ARLINGTON — From the moment the Rangers finally arrived at spring training, Chris Woodward was direct. There would be no excuses. The team had new, state-of-the-art facilities, a reinforced workforce, three years of experience with a painful dismantling and rebuilding process. This Rangers team needed suppose gain. It even came down to a logo, “E2W”, emblazoned on T-shirts.
And on Monday, the second anniversary of the last time the Rangers spent a day over .500, there were no excuses.
The Rangers fired Woodward two games shy of his 500th birthday with the club and with one season remaining on his contract, the club announced Monday. Third base coach Tony Beasley was named interim manager. It’s unclear if Beasley would be a candidate for the permanent job.
“Chris Young and I had the very difficult task of informing Chris Woodward of our decision today,” Rangers president of baseball operations Jon Daniels said in a written statement. “During his tenure as manager of the Rangers, Chris worked tirelessly in what were sometimes difficult circumstances. He has been dedicated and passionate in his efforts to improve the Texas Rangers’ on-field performance, and we greatly appreciate that. He has represented the organization with class and dignity.
“We have had extensive discussions over the past few weeks and while the team’s current performance is certainly a big part of this decision, we are also looking to the future. As the Rangers continue to develop a winning culture and put together the pieces to compete for the postseason year after year, we felt a change in leadership was necessary at this time.
“On behalf of the entire Texas Rangers organization, we thank Chris and wish him and his family the best.”
The Rangers, en route to their sixth straight losing season, are 211-287 in Woodward’s three-plus seasons. The winning percentage of .424 is the sixth worst in MLB at the time. Ironically, the firing came a day after perhaps the best winning series of the season, in which the Rangers rallied on consecutive days to win two of three over Seattle.
In the end, neither the first three seasons nor the weekend mattered much. Woodward and the Rangers overachieved to win 78 games in 2019, had their 2020 plans thwarted by the pandemic and two catastrophic injuries, and embarked on a complete rebuild in 2021. That was about process, about building a culture of championship. However, after the ownership committed more than $500 million to free agents in the offseason, 2022 became more about results.
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And there the Rangers just haven’t delivered. After flirting with .500 in June, the club has apparently taken a step back. The Rangers are 15-25 since July 1 and have regressed to a 90-loss pace. Management didn’t expect the Rangers to go from worst to first in a season, but they did expect more than another 90-loss season.
Part of the record could perhaps be attributed to luck. The Rangers are on pace for the worst winning percentage ever in one-run games, which, according to advanced analytics, are often decided by nothing more than luck.
On the other hand: no excuses. Baseball, Woodward often said, is a performance-based industry.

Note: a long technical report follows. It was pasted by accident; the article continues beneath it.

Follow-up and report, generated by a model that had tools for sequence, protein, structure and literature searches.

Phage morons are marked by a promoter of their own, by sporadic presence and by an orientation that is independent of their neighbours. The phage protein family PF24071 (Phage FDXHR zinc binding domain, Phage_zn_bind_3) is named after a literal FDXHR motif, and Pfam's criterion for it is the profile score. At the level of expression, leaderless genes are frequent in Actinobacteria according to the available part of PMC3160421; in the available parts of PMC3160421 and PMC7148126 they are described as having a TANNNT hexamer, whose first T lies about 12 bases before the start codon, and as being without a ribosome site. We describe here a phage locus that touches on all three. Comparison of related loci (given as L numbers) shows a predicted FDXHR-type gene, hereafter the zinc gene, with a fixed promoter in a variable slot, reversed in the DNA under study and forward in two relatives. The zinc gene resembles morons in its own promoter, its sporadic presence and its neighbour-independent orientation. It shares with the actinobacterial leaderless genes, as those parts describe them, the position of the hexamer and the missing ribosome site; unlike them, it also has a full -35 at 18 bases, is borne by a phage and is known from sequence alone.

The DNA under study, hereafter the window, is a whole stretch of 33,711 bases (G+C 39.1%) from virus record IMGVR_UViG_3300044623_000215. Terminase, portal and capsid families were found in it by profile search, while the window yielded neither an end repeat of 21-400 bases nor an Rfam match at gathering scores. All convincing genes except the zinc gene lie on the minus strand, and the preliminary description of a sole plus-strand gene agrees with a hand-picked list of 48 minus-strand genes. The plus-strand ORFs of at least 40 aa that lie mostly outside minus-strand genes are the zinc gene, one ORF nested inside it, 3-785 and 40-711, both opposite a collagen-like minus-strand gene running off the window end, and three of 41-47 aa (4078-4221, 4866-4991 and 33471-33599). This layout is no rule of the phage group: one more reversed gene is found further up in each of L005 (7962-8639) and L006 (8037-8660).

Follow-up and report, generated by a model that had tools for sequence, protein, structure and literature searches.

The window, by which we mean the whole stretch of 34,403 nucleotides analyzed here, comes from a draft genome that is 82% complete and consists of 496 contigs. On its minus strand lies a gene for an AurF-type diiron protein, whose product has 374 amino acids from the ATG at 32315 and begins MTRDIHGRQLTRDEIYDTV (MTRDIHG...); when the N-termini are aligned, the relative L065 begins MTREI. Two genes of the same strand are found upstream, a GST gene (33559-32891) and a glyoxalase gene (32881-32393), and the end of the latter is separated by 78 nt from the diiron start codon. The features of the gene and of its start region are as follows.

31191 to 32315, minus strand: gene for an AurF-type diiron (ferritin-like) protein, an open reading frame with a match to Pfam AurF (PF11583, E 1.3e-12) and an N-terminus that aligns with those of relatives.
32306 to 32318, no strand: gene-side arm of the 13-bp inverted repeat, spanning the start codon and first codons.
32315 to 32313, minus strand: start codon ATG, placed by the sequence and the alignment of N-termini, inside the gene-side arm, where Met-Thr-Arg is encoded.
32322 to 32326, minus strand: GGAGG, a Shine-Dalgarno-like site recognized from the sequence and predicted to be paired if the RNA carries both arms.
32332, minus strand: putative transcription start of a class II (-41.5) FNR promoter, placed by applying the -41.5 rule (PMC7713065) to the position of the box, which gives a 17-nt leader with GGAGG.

More significantly, the quality of the game, which hasn’t been great since the start of the season, has never really improved. The Rangers seemed to function more as individual parts than as a team. A key element of a championship culture, an all-for-one attitude, never really seemed to develop. There was no motivating force in the clubhouse despite a $500 million commitment to free agents Corey Seager and Marcus Semien.
Both are meticulous in their preparation, the core of Woodward’s philosophy. However, neither has taken over the clubhouse in the same way that the previous leaders of the past 25 years have: Will Clark, Michael Young and Adrian Beltre. As the .500 slipped away from the Rangers over the past six weeks, there seemed to be an air of resignation on the team.
Or no one could, or would, do anything about it.
In early August, when the trade deadline passed, president of baseball operations Jon Daniels was asked about Woodward’s status. He did not commit.
“I think where we are in the standings, that’s not a reflection of one person or one group,” Daniels said at the time. “Ultimately, that is in [myself and general manager Chris Young] More than anyone. I think [Woodward] and the staff is working tirelessly and doing everything they can to continue to develop this group and move forward. But as far as evaluating individual departments or individual people, that’s not something I want to do right now.”
A few days later, on his weekly radio segment with KRLD-105.3 FM, he expanded a bit more, while also acknowledging that the team was underperforming based on both external and internal preseason projections. Most outside projections had the Rangers as a 75-76 winning team.
“That’s something we don’t want to change, it’s the level of intensity or the expectations,” Daniels said of the conversations with Woodward. “That’s when things snowball, when you just accept losing. It seeps into the team culture and we can’t allow that.”
On Monday, the Rangers got to the point where they felt they had to take more drastic measures to stop the loss. There were no excuses. Just consequences.
On twitter: @Evan_P_Grant
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